37. Peacock, D. and Boulter, D. 1975. Use of amino acid sequence data in phylogeny and evaluation of methods using computer simulation. J. Mol. Biol. 95: 513–527.PubMedCrossRefGoogle Scholar
  38. Popp, R. A. 1967. Hemoglobins of mice: Sequence and possible ambiguity at one position of the alpha chain. J. Mol. Biol. 27: 9–16.PubMedCrossRefGoogle Scholar
  39. Richardson, P. M. 1983. Methods of flavonoid data analysis. In: Numerical Taxonomy, J. Felsenstein, ed., pp. 495–499, Springer-Verlag, Berlin.CrossRefGoogle Scholar
  40. Rosenzweig, J. L., Le Roith, D., Lesniak, M. A., MacIntyre, I., Sawyer, W. H. and Roth, J. 1983. Two distinct insulins in the guinea pig: The broad relevance of these findings to evolution of peptide hormones. Fed. Proc. 42: 2608–2614.PubMedGoogle Scholar
  41. Smith, L. F. 1966. Species variation in the amino acid sequence of insulin. Am. J. Med. 40: 662–666.PubMedCrossRefGoogle Scholar
  42. Starace, V. and Querinjean, P. 1975. The primary structure of a rat K Bence Jones protein: Phylogenetic relationships of V-and C-region genes. J. Immunol. 75: 59–62.Google Scholar
  43. Stryer, L. 1981. Biochemistry, 2nd ed. W. H. Freeman and Company, San Francisco.Google Scholar
  44. Svasti, J. and Milstein, C. 1972. The complete amino acid sequence of a mouse K light chain. Biochem. J. 128: 427–444.PubMedGoogle Scholar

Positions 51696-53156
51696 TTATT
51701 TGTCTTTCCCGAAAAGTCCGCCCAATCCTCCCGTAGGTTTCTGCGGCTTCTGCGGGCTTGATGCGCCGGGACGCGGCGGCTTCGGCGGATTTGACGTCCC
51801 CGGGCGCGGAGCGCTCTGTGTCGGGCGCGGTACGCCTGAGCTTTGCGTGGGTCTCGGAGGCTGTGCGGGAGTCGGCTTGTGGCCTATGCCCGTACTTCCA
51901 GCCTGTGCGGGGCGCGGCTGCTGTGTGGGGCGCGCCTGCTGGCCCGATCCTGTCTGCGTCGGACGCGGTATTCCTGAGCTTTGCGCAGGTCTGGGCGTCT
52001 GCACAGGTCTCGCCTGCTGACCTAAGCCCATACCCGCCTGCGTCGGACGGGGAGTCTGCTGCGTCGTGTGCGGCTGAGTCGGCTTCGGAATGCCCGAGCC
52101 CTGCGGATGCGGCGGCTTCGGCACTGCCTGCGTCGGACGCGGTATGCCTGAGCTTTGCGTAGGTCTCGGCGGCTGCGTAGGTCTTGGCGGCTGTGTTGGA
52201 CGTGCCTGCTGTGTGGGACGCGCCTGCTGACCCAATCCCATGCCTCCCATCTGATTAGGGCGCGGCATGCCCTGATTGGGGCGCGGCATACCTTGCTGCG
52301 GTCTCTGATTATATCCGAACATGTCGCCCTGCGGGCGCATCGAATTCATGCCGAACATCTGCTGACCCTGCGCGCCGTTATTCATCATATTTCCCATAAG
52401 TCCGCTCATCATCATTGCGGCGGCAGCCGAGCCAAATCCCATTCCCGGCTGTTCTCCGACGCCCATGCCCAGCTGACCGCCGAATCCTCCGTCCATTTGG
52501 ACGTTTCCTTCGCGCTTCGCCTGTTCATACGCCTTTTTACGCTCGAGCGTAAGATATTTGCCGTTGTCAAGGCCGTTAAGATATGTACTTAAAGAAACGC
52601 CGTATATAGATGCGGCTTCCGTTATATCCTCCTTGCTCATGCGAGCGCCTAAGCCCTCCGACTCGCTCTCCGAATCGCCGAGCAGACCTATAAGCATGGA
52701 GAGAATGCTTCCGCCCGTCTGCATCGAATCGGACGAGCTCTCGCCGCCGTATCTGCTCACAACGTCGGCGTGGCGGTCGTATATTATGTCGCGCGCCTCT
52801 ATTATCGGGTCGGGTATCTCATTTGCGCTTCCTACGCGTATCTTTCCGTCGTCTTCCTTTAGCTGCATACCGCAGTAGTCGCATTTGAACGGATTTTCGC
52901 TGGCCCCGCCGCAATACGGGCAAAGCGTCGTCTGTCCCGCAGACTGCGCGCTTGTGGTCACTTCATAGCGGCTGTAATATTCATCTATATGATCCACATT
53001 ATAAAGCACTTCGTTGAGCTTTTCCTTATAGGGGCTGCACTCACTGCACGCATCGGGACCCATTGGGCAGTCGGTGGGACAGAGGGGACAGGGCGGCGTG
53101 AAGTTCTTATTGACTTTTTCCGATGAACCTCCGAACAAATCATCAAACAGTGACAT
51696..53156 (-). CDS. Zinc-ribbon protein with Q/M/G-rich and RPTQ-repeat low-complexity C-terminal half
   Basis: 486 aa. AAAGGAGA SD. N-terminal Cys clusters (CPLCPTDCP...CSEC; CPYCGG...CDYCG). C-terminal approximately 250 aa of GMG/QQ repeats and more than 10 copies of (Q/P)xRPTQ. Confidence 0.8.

45. Van den Berg, A. and Beintema, J. J. 1975. Non-constant evolution rates in pancreatic ribonucleases from rodents. Amino acid sequences of guinea pig, chinchilla and coypu ribonucleases. Nature 253: 207–210.PubMedCrossRefGoogle Scholar
  46. Van den Berg, A., van den Hende-Timmer, L. and Beintema, J. J. 1976. Isolation, properties and primary structure of coypu and chinchilla pancreatic ribonuclease. Biochim. Biophys. Acta 453: 400–409.CrossRefGoogle Scholar
  47. Van den Berg, A., van den Hende-Timmer, L., Hofsteenge, J., Gaastra, W. and Beintema, J. J. 1977. Guinea-pig pancreatic ribonucleases. Isolation, properties, primary structure and glycosidation. Eur. J. Biochem. 75: 91–100.PubMedCrossRefGoogle Scholar
  48. Van Dijk, H., Sloots, B., van den Berg, A., Gaastra, W. and Beintema, J. J. 1976. The primary structure of muskrat pancreatic ribonuclease. Int. J. Pept. Prot. Res. 8: 305–316.CrossRefGoogle Scholar
  49. Wilson, A. C., Carlson, S. S. and White, T. J. 1977. Biochemical evolution. Ann. Rev. Biochem. 46: 573–639.PubMedCrossRefGoogle Scholar

Copyright information

© Springer Science+Business Media New York 1985

Authors and Affiliations

  • Jaap J. Beintema
    • 1
  1. 1.Biochemisch LaboratoriumRijksuniversiteitGroningenThe Netherlands

Personalised recommendations